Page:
While apparatus 10 having eight inlet tubes 14I, each equally spaced from the other, are illustrated, one of skill will recognize the invention as not so limited. More or less inlet tubes 14I may be provided and be equally or unequally spaced circumferentially, radially, and/or longitudinally. Further, the inlet tubes 14I may have equal or unequal cross sectional areas, shapes, lengths and flow rates therethrough. The minor materials may be supplied to the inlet tubes 14I from one or more common sources or from different sources.

If desired, the volume of the inlet tubes 14I for the minor materials may be relatively small relative to the total volume of the entire apparatus 10. This relative sizing provides the benefit that less hysteresis in the system might occur, due to the small volume of the inlet tubes 14I between the pump 20, and the confluence region 12.

The apparatus 10 may comprise a plurality of supply lines for the minor materials. Each supply line may extend from the source of at least one major material or at least one minor material to a respective inlet discharge 18 within the confluence region 12.

The inlet discharge 18 may occur at the distal end of an inlet tube 14I. Each supply line thereby defines a volume from its respective material supply to its respective discharge within the confluence region 12. The at least on supply for adding at least one major material subtends a first volume extends from that material source to the common plane where the inlet discharges 18 occur. Each supply for adding each of said minor materials subtends a sub-volume. The sub-volumes are combined to yield a second volume. The first volume and the second volume are summed to yield a total volume. The second volume may comprise less than 20 percent, less than 10 percent, less than 5 percent or less than 3 percent of the total volume.

The first material may be injected into the confluence region 12 at a first velocity. The second through Nth materials may be injected into the confluence region 12 at a second velocity, a third velocity, . . . up to N velocities for N minor materials. The second through Nth velocities may be matched to, substantially the same as, or may be slightly different than the first velocity and each other. One or more of the minor materials may generally correspond with or be matched in flow velocity at the time of entry into the confluence region 12 to the velocity of the at least one major material(s) at that same cross-section of the confluence region 12. In one embodiment of the invention, any or all of the second through Nth velocities of the minor materials may be within ±50 percent, and may even be more closely matched to within ±25 percent, and may even be more closely matched to ±5 percent of the first velocity of the major material(s). This arrangement allows the minor materials to enter the flow as a continuous stream, without dribbling, and thereby promote better mixing. The discharge speed of the minor material into the flow stream is determined by a combination of the discharge orifice (if any) and the output of the pump 20 supplying that minor material. In a degenerate case, the first velocity may be identically matched to any or all of the second through Nth velocities. If desired the apparatus 10 and method including the present invention may utilize plural confluence regions 12. The plural confluence regions 12 may be disposed in series, in parallel, or a combination thereof. The plural confluence regions 12 may be identical or different in any or all of their major materials, minor materials, proportions, flow rates, command signals, etc. Certain plural confluence regions 12 may be used to premix minor materials, major materials, or any combination thereof to be mixed with other materials in later-occurring in confluence regions 12.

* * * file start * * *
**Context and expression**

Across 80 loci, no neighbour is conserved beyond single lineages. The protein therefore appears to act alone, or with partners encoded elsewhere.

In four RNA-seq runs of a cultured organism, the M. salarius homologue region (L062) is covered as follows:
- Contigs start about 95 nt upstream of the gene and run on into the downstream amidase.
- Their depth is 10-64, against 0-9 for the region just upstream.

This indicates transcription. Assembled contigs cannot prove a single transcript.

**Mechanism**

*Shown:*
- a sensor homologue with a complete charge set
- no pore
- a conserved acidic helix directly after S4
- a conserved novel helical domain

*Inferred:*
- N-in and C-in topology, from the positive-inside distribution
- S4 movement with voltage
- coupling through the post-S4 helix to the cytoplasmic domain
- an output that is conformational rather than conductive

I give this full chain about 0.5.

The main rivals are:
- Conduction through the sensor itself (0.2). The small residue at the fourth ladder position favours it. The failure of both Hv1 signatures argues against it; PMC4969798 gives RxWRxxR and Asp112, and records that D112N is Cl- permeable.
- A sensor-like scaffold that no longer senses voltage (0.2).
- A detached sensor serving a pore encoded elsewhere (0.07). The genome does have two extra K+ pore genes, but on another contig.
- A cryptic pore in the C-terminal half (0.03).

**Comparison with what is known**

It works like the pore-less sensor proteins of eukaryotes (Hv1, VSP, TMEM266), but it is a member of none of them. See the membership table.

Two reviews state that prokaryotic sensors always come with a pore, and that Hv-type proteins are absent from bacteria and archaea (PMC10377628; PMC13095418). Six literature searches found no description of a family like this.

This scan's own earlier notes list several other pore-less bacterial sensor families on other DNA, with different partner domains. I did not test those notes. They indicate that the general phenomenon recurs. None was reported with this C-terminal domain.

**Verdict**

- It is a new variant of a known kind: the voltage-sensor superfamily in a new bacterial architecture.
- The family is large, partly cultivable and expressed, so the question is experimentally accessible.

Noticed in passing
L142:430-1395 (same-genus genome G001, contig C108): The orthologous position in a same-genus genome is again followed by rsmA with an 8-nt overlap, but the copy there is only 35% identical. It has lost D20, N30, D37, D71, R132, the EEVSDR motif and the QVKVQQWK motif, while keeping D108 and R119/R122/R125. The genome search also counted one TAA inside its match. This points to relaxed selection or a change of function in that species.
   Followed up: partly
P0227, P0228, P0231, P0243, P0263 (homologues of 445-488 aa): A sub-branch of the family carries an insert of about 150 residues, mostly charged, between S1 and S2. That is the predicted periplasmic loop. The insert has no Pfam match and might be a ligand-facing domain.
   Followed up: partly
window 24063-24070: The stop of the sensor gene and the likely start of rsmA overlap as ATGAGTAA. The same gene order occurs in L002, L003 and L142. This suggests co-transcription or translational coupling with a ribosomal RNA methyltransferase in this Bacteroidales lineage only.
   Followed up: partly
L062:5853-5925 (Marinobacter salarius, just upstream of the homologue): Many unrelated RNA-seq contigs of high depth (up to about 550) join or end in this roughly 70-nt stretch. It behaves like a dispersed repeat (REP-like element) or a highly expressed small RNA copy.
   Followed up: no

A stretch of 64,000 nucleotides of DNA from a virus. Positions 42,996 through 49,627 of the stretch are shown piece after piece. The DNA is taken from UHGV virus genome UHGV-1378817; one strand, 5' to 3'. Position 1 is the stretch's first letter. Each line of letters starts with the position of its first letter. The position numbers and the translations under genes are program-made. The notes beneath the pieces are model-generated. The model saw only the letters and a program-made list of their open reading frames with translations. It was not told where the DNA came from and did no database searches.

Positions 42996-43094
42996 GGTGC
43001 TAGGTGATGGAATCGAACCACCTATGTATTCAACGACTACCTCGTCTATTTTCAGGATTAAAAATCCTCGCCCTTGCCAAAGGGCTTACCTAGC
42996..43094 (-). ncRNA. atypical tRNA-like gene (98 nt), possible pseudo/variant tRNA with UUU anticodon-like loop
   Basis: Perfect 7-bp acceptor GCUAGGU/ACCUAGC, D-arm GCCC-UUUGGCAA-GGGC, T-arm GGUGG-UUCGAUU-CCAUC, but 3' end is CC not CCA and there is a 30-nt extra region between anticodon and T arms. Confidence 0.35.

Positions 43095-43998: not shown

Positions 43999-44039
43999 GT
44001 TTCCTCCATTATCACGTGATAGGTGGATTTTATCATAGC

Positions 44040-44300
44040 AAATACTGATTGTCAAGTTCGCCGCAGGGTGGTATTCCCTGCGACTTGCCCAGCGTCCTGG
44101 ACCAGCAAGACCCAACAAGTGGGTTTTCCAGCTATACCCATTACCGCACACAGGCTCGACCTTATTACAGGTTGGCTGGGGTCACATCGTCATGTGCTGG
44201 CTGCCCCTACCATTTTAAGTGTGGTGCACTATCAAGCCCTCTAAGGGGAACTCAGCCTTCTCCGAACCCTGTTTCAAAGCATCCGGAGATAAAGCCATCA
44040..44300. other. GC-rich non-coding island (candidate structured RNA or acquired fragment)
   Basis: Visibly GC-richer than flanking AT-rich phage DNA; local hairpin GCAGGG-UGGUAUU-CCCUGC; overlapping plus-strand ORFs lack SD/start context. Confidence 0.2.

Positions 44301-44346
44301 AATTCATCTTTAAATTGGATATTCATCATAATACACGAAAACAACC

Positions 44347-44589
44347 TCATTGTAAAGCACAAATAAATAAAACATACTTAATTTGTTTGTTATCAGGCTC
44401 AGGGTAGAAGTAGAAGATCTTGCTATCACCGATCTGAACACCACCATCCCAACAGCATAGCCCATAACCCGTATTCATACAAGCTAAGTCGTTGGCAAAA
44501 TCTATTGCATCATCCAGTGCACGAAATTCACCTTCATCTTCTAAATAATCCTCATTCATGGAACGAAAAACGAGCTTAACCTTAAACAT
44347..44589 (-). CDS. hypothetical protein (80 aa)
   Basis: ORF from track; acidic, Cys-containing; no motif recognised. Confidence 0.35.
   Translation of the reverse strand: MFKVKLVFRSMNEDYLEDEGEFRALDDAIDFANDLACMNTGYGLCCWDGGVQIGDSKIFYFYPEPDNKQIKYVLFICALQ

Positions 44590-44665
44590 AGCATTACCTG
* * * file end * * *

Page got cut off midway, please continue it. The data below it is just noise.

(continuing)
The container may be the final receptacle for the combination of the major and minor materials after they are blended together and leave the confluence region 12. The container may be ultimately shipped and sold to the consumer, or may be used for transport and storage of the blend of major materials and minor materials as an intermediate.

The container may be moved into and out of the apparatus 10 under its own power, as occurs with a tanker truck container, may be moved by the apparatus 10 itself, or by an outside motive force. In a degenerate case, all of the minor materials are added to one major material at the same point, thereby defining the beginning of the confluence region 12. The end of the confluence region 12 is defined as the common outlet 16 therefrom. In a degenerate case, the common outlet 16 may be into atmospheric pressure conditions, such as into a container filled with air, into a vacuum, such as an evacuated container, or even into a pressurized container. The blend or other combination of materials may be held above atmospheric pressure from the confluence region 12 to the point of discharge into the container.

The container may be of any suitable size, geometry, configuration, number, etc. The volume of the container may range from a few cubic centimeters to at least the size of a railroad tanker. The container may be provided with a frangible or resealable closure as are well known in the art, and be made of any material suitable for containing the materials combined according to the present invention.